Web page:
1. Toss all of the poaching broth ingredients together in a large, narrow pot like a pasta pot; it should be just wide enough to hold the chicken. Bring the ingredients to a boil and then allow them to simmer while you prepare the chicken.

2. Pat the chicken all over again with a paper towel to ensure that the skin is dry and tacky, since the maltose will glide off of any wet areas. Fold the wings underneath themselves so that they lie flat against the body, and tie the legs together along with the tail so that you have a nice, tight, football-shaped chicken; this will help keep any pieces from burning and allow all of the chicken to brown evenly.

3. Melt the maltose or honey until it is runny, place the chicken on a clean plate, and then use a pastry brush to complete coat the chicken with the syrup. If the maltose starts to harden because of the cold chicken, just reheat it as needed. 

The correct temperature
4. Heat the oil in a wok until a wooden or bamboo chopstick inserted in the oil immediately bubbles all over. Do not drop any moisture into the oil after this point, as it will explode and possibly burn you.

5. Gently lower the chicken into the oil and carefully turn it over and around in the hot oil so that all of the surfaces are a deep, mahogany brown. 

6.  I like to use two bamboo tongs to do this, as they can be shoved into the top and bottom cavities, be used to prop up the chicken as it browns on a wobbly side, and even flip it up on its end. Try not to use metal spatulas, which will tear the skin. If the skin does tear in places, or if it sticks to the wok, don't worry, as the chicken will be chopped up before serving and no one will be the wiser.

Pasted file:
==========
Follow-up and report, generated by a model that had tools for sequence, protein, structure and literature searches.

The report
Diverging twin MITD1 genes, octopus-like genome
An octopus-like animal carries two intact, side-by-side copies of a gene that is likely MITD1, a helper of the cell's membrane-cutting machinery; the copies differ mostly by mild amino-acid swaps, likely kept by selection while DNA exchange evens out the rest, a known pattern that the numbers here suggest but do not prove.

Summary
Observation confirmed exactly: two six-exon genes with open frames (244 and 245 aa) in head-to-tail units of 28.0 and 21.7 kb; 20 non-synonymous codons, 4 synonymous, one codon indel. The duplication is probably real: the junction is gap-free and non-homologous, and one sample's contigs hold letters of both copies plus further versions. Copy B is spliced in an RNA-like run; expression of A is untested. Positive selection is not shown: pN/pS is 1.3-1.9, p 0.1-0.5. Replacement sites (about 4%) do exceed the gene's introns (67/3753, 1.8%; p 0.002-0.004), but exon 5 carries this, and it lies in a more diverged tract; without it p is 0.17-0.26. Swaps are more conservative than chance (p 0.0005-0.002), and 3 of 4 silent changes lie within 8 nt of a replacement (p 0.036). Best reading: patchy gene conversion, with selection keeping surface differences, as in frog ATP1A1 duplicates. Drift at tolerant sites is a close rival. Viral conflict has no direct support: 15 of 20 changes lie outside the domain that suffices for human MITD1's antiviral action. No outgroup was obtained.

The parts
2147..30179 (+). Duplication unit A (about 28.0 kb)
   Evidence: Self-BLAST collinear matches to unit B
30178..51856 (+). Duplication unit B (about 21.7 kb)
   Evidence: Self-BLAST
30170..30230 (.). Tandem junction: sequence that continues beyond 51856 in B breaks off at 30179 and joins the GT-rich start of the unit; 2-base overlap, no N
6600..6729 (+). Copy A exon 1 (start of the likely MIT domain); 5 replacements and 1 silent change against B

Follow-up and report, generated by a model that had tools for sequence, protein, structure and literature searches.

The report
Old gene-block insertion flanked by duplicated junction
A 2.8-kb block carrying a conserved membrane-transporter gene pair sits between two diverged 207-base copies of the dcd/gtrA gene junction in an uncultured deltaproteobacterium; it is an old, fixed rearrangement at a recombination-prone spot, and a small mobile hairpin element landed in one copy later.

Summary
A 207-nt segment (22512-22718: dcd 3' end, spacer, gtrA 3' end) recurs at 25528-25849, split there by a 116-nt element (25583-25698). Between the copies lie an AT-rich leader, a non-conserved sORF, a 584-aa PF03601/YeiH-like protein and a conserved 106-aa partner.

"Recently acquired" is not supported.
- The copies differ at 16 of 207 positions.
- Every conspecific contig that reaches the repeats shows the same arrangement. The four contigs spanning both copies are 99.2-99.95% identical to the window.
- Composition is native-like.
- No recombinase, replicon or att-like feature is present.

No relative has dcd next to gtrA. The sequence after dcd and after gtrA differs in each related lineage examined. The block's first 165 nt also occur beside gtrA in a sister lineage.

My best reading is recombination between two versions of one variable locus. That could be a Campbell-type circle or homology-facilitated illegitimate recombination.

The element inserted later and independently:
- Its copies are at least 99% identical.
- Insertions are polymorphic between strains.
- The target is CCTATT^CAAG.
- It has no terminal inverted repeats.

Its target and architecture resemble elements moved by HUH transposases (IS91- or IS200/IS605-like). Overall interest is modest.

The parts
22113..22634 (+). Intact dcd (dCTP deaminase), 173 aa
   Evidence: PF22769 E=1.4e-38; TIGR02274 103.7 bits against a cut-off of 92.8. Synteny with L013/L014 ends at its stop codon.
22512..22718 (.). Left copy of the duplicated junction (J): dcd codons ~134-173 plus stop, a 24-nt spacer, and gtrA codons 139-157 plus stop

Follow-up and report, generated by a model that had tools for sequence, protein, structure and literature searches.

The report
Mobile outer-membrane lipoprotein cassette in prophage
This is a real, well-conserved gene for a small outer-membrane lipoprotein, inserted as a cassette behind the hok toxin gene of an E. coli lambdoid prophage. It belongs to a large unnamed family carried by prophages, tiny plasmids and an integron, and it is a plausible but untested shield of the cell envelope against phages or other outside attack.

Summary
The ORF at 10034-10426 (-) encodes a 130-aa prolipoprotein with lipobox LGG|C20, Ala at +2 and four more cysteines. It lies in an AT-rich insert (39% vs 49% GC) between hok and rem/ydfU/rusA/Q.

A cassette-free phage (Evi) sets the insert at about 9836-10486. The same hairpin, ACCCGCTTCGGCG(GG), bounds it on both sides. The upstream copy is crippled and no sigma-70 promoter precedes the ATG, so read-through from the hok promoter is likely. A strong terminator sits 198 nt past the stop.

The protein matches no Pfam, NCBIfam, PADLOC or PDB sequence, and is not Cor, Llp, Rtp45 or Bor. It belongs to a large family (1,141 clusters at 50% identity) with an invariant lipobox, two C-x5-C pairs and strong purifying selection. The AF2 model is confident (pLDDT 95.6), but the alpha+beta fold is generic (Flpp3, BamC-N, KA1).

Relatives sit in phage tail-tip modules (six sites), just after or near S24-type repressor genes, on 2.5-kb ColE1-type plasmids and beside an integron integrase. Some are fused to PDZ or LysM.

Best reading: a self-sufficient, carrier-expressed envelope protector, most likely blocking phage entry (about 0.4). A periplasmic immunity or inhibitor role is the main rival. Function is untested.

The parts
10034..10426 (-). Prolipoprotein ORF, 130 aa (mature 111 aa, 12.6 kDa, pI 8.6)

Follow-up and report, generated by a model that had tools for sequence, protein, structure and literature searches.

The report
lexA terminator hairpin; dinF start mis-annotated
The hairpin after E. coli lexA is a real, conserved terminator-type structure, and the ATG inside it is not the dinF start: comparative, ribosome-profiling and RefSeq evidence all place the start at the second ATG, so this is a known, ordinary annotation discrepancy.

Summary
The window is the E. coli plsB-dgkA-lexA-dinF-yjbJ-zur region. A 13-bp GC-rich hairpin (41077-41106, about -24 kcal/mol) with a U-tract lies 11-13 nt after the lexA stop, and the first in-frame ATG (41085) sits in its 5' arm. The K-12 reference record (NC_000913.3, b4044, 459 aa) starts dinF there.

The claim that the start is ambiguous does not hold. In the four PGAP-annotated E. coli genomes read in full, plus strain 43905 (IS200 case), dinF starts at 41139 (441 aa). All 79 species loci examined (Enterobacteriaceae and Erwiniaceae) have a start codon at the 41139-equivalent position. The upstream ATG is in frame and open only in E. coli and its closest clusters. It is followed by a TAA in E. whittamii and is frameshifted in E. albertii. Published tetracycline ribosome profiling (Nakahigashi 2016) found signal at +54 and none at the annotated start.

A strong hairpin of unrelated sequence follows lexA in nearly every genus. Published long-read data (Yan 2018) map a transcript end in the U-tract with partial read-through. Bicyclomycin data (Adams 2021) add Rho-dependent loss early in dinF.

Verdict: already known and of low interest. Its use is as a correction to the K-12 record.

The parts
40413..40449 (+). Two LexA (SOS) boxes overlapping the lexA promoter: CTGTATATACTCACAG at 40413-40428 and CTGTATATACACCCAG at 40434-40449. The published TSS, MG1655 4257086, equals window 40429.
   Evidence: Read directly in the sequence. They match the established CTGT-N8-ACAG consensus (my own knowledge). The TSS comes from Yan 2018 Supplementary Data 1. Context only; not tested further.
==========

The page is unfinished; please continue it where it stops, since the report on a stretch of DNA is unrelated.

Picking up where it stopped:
Fry until deliciously brown
7. When the chicken is completely browned, gently lower it into the poaching broth and add water, if needed, to cover the chicken. Bring the broth to a boil and then lower the heat to the lowest setting, which should give you a very, very slow simmer. Cover the pot and allow the chicken to gently poach for about 2 hours, then turn off the heat and let the chicken rest in the covered pot until the broth is warm, at least 2 hours. Use a wide strainer or spatula to help you carefully lift the chicken out of the broth and onto a plate - use extreme care, as it will fall apart easily. Drain any liquids back into the pot, let the chicken come to room temperature, and then chill it for at least 4 hours or overnight. Chop into pieces and serve at room temperature or slightly warm; no sauces or accompaniments are needed.

Note: The frying oil may be strained, refrigerated, and used again, and the poaching liquid can be strained and frozen. 


  1. Hello Carolyn,

    My name is Clifford Briden, just recently bought your book and absolutely love it! Alas, I am a hunter for the truth. With the Dao Kou chicken recipe it left me wanting. Can you give me a list of the other herbs (traditional) in the recipe. Even if it is in Mandarin or Pinyin . I will get the help of my mandarin tutor. Oh Yes , I am also a lover of everything Chinese.

    Cheers Cliff

    1. Hi Cliff. I'll look up my notes and report back. Thanks for reading.